Tu’Bishvat, the new year of the trees, is a festival and celebration that has enjoyed renewed popularity in recent years. Tied often to the environment, it helps raise awareness of our relationship to the natural world. This year, however, I was reminded of a linkage that should worry all of us.
Trees are a part of our Midrashic experience. There is very famous one about Honi and the planting of a carob tree. The planter says that it will take decades to grow and mature, outlasting the life span of the questioner. When pushed, the man planting the tree reminds us that he does this just as his ancestors did for him and that we are linked, in a real way, from generation to generation. History is a part of the Jewish d.n.a. But history is fading.
A Pew Foundation report that is seeing the light of day notes the diminishing impact of the Holocaust. Their survey of almost 13,000 Jewish and non-Jewish adults and teens found that while most knew that this event took place, only 45% of adults and 38% of teens knew that 6 million Jews had died. Are we loosing our grip on our past? And we know that if we do not understand history, we will repeat it. Slavery is another example. I wonder how many teens and young people will see the movie “Harriet” and understand the context of slavery, the Underground Railway and the shadow that slavery still casts on this country. An NEA survey from 2018 cited that only 8% of high school seniors could identify slavery as the central cause of the Civil War. And how many of the current group have studied American History to see parallels from what was to what is?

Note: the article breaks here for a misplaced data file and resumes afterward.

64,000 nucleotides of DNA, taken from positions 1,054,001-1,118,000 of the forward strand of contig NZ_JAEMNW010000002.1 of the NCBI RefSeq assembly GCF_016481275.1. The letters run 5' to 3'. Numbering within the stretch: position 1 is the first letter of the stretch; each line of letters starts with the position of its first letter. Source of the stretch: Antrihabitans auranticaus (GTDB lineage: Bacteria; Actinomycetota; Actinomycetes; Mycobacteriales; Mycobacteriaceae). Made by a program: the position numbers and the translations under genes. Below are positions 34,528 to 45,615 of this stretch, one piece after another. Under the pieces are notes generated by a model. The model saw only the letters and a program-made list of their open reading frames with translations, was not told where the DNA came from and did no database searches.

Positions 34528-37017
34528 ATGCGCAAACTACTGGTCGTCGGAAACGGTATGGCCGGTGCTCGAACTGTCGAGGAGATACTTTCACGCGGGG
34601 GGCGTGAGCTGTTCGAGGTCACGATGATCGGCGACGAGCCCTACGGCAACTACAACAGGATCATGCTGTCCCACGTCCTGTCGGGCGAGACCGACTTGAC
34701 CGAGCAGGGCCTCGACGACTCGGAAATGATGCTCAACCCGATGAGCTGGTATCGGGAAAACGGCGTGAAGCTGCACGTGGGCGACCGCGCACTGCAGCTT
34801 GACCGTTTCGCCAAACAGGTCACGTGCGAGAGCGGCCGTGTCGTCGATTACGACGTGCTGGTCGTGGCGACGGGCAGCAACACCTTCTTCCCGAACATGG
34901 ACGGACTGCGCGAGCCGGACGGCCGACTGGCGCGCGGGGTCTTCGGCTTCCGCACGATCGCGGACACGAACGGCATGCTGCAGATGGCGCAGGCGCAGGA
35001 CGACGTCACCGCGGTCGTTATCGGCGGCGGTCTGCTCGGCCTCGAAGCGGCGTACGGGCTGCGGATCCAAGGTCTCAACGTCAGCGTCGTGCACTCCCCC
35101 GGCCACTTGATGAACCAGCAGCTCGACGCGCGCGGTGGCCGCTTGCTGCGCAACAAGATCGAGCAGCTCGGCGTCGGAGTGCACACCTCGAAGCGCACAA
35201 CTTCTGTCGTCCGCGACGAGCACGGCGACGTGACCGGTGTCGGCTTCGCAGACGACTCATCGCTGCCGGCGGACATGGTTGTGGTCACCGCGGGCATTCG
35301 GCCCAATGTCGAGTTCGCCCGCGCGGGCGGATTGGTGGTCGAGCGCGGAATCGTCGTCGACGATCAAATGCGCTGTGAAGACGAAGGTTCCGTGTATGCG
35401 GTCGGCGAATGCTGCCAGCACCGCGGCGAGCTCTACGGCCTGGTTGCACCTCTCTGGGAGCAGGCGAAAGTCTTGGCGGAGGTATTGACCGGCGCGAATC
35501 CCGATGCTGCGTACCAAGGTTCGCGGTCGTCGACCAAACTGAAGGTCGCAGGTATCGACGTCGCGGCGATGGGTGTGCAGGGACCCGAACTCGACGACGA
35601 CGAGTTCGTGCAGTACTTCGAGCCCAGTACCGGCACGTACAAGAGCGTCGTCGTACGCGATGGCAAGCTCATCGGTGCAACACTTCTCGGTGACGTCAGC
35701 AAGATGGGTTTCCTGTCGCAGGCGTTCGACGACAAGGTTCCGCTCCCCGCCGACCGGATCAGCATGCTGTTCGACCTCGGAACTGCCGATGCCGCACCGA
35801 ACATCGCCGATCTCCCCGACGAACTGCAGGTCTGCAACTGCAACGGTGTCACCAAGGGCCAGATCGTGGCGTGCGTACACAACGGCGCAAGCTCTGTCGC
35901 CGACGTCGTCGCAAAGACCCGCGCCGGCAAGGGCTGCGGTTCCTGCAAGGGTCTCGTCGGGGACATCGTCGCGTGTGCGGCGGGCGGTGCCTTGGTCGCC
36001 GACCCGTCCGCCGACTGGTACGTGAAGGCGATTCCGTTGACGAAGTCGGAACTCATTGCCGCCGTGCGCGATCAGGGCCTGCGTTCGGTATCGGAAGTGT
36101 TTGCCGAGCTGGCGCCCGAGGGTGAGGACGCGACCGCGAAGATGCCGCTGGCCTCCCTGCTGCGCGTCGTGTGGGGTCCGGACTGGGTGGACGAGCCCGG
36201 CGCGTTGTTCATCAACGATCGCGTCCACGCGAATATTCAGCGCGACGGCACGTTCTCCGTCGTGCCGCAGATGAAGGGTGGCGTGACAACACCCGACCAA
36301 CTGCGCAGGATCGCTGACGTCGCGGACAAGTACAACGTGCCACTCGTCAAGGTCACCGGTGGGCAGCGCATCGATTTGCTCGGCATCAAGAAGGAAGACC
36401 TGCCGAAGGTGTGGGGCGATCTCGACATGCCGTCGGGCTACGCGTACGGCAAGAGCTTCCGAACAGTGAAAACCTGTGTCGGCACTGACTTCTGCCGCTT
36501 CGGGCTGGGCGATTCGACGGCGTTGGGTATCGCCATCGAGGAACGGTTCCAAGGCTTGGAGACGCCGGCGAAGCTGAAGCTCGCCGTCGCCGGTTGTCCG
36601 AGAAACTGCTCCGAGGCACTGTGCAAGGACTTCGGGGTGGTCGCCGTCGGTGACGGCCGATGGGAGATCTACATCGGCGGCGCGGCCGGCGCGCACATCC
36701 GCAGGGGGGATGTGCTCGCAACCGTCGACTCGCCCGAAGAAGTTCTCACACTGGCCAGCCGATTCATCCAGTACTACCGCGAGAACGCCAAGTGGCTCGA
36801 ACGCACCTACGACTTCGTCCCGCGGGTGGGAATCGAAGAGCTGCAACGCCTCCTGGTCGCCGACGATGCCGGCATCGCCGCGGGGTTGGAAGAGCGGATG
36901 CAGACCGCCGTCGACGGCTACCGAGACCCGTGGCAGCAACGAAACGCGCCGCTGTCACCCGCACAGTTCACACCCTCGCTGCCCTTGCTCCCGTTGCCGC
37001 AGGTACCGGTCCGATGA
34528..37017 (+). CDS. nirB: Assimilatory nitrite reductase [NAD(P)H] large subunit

The strength of the tree is in its roots. A strength of a people is in the roots of its history. Once those roots begin to erode, one can make the case that the society itself begins to erode. We are a people linked to history. If we forget that, we stand at the brink of apathy and self delusion.
Rabbi Richard F Address